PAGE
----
We all know that trees support our oxygen supply, but we bet you didn’t know this!
Did you know that the largest river in the world is not only invisible to us, but floating high above the trees of the Amazon rainforest? Yes, you read that right, and no, it’s not the setting for a new fantasy movie (although it sounds pretty perfect for it).
You’ve probably heard people describe the Amazon basin as the lungs of the Earth and, while this is very accurate, it’s not for the reason you might think. There are billions of trees making up this massive forest, but the oxygen that they produce via photosynthesis never actually leaves the Amazon. Since there are so many layers of life living within this canopy, they must use all of this precious oxygen before it can escape to the outside world. So then how does the Amazon rainforest help everyone else on Earth breathe?
There exists a “floating river” of evaporated water released from the rainforest trees that actually flows through the air right to the edge of the Amazon basin, where it hits the Andes mountains and rushes down into the ocean.1 This causes nutrient-rich sediment on the side of the mountains to be washed into the ocean, where it acts as material to create the shells of tiny creatures called diatoms. The presence of these mountain minerals allows the tiny diatoms to reproduce at an incredible rate, their population doubling every day. Now here’s the key. As they reproduce, the diatoms photosynthesize, releasing massive amounts of oxygen, in fact 20% of all oxygen produced on Earth. So even though all the oxygen directly produced by the rainforest trees remains in the forest, a huge portion of what we need to breathe still wouldn’t be available if we chopped those trees down.
These tiny sea-dwelling diatoms, and their incredible gift to the world-wide oxygen supply is just one unanticipated benefit of supporting our living forests. If we want to continue to breathe oxygen, which we probably do, we absolutely must do everything we can to preserve the trees and forests that keep us alive.
Now all of this tree appreciation looks good on paper… but you know what doesn’t? The paper itself.
To produce 1 ton of virgin fibre paper, approximately 24 trees must be logged.2 Naturally, with the rise in paper bag distribution, this kind of logging is not sustainable, so many companies and individuals have switched over to recycled paper products. On the surface, this seems like it would solve all our problems since it requires no new trees to be cut down. By now though, you probably know that what’s on the surface isn’t always the whole truth.
First things first: most of what we throw in the recycling bin does not end up being recycled. Due to contamination by food, ink, and metal, the majority of “recyclable” material ends up in the landfill. But the stuff that does get recycled is good for the environment, right? Not really.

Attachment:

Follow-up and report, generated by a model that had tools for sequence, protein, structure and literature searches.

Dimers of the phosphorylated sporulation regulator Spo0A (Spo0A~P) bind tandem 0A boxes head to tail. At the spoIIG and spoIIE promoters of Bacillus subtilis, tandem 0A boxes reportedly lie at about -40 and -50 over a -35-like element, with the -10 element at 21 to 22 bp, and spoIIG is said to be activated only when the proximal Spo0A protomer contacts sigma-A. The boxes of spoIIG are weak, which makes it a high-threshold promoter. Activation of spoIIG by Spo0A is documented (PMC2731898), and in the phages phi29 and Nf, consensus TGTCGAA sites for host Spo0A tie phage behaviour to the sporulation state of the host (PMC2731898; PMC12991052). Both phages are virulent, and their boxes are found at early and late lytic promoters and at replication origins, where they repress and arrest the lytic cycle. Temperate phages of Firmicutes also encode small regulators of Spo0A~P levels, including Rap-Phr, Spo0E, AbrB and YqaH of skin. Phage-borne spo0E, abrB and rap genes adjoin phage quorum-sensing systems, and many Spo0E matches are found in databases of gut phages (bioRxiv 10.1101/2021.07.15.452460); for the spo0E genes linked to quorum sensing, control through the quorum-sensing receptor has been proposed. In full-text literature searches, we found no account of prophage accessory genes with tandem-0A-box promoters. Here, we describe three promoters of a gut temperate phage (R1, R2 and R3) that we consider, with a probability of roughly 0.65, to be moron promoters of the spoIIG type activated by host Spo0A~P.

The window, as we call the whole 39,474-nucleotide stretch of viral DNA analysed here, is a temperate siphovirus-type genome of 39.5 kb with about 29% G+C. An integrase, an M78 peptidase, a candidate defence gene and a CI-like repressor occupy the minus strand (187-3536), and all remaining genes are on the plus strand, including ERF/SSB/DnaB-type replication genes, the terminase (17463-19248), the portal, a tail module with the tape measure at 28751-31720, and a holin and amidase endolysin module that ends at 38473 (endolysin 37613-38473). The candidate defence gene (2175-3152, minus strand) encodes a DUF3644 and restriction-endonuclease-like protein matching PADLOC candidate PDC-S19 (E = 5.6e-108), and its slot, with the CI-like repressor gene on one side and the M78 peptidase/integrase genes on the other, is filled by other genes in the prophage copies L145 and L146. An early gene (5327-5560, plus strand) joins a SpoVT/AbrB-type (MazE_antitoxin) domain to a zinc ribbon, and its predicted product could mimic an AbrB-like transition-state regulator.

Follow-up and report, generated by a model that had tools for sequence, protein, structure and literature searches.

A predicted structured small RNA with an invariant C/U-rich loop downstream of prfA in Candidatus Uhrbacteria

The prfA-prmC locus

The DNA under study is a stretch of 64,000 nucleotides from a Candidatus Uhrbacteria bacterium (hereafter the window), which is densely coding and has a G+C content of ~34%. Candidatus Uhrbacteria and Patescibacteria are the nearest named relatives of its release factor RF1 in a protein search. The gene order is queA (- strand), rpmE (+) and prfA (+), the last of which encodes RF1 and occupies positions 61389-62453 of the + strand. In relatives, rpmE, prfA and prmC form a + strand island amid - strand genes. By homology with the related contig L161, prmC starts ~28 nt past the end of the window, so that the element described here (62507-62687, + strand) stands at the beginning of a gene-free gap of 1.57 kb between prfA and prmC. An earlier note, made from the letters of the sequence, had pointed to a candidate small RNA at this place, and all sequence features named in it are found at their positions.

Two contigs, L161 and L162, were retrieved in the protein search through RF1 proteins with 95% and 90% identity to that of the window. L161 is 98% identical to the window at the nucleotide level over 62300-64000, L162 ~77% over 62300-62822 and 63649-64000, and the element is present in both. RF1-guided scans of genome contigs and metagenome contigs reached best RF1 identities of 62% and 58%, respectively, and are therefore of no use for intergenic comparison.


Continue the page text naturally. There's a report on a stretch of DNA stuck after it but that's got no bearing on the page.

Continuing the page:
Recycling is actually an extremely energy-intensive process, requiring approximately 22 million BTUs of energy for sorting, cleaning, and repurposing paper products.2 To make 1 ton of 100% recycled paper also uses about 11,635 gallons of water and produces 1,171 lbs of solid waste. It has been found that when recycling at maximum capacity, although demand for raw materials decreases, consumption of fossil fuels and emissions of SO2, NOx, and net CO2 increase significantly3, with approximately 3,533 lbs of CO2 and its equivalent gases being produced for 1 ton of recycled paper.2 It is also important to note that a large quantity of recycling material from North America and Europe is exported overseas, often to facilities in Asia, before being processed.4 This in turn results in increased emissions during transportation, large volumes of energy consumption, and higher risks of oil spills due to large cargo ships crossing international waters.
The best way to lower the environmental footprint of using paper bags isn’t to recycle them the second you’ve carried your groceries home from the store but rather to reuse them or repurpose them as many times as you can, avoiding the recycling process as long as possible until you eventually have to put them in the bin. So next time you go to throw your paper bag into the recycling bin, maybe ask yourself if you could use it just one more time. Think about all the tiny diatom lives you’re saving and as a result, all the extra oxygen you get to breathe.
1. “Gasp.” One Strange Rock, directed by Graham Booth, narrated by Will Smith, season 1, episode 1, National Geographic, 2018.
2. Alimiyan, Thakur Altamash. Design and Development of High Strength Paper Bag Using Non-Recycled Paper. Diss. University of Mumbai, 2016. https://core.ac.uk/download/pdf/55305332.pdf
3. Virtanen, Yrjo, and Sten Nilsson. Environmental impacts of waste paper recycling. Routledge, 2013. https://www.taylorfrancis.com/books/mono/10.4324/9781315070377/environmental-impacts-waste-paper-recycling-yrjo-virtanen-sten-nilsson
4. Van Beukering, P. J. Recycling, international trade and the environment. Springer Science & Business Media, 2001.
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